Netflix is already in more than 190 countries, and now that everyone else has launched a service or two, they’re trying to get there too, because that’s where the growth will come from. Disney Plus has already reached a couple of dozen countries, and also launched its Star international service, an internal answer to the inherent conflicts of its fractured U.S. strategy (more on that below). But other services are going global too. The Star Trek Channel, er, Paramount Plus smartly headed south into Latin America. Everyone from Peacock to Tubi also is pushing overseas, figuring out release strategies and rights deals, buying local shows, localizing others, and trying to learn what works from market to market, especially as huge opportunities such as India suddenly get much more repressive and controlling of media, social media and entertainment within their borders. Again, Netflix has been doing this dance for years, and has it down pretty well. Pretty much everyone else is riding the Learning Curve. 

Flattest Spring
It’s tempting to hand this Middie to Netflix, which continued to talk of the depressive “carry forward” effects on subscriber growth from that monumental first half of last year, when it added more than 26 million new subscribers, roughly what it added in all of 2019. Since then, new adds, particularly in the U.S., have been considerably more muted, though it’s useful to point out that Netflix still has more subscribers and view share than any of its competitors, along with some of the industry’s lowest churn and highest ARPU (i.e., the numbers Wall Street really should be tracking). So instead, this Middle goes to Disney Plus, which is facing its own hangover from a phenomenal 2020, and the more problematic limits of that fractured streaming strategy. There was always going to be a limited, though admittedly large, audience for Disney+’s tightly defined mix of cartoon princesses and cartoonish superheroes. Disney Plus did feature some of the season’s most daring and inventive shows, with WandaVision and Loki turning about a million Marvel tropes inside out. But outsider measures of growth suggest getting the next 110 million Disney Plus subscribers (bringing it even with where Netflix is now) won’t be quite so super-powered as that first remarkable batch.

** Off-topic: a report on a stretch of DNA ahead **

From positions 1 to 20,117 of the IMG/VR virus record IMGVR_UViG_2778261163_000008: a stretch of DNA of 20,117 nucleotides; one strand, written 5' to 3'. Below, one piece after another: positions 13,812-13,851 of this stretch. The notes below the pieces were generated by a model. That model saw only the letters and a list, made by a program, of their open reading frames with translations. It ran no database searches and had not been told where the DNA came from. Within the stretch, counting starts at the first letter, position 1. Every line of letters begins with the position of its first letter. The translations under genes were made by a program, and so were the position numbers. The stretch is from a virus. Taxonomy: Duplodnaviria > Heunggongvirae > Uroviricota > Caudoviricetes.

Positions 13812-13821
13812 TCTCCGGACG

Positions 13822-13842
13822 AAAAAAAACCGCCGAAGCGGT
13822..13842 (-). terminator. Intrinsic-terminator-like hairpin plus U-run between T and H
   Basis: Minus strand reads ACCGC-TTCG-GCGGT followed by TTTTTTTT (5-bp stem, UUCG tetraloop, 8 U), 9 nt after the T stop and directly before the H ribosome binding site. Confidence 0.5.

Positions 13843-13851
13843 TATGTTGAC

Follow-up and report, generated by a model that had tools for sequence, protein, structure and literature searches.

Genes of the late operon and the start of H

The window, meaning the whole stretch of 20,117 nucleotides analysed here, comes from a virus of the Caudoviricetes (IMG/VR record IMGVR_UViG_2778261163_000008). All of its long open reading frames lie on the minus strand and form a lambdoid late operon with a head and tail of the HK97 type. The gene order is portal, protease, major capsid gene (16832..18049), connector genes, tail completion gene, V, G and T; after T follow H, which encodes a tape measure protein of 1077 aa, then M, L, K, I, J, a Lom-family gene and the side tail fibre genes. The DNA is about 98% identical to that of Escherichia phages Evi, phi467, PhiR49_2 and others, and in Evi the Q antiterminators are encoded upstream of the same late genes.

Outstanding Achievement in Alternative Metrics
And yes, we just handed out a Middie for Flattest Spring, with two worthy nominees. But as the Netflix nomination suggests, analysts and investors are beginning to understand that metrics other than total subscribers are important too. With that will come a stronger push for transparency about those and other key metrics. It’s hard to see that secretive approach, which Netflix also pioneered for the industry, sustaining if investors and regulators start getting antsy, as they should.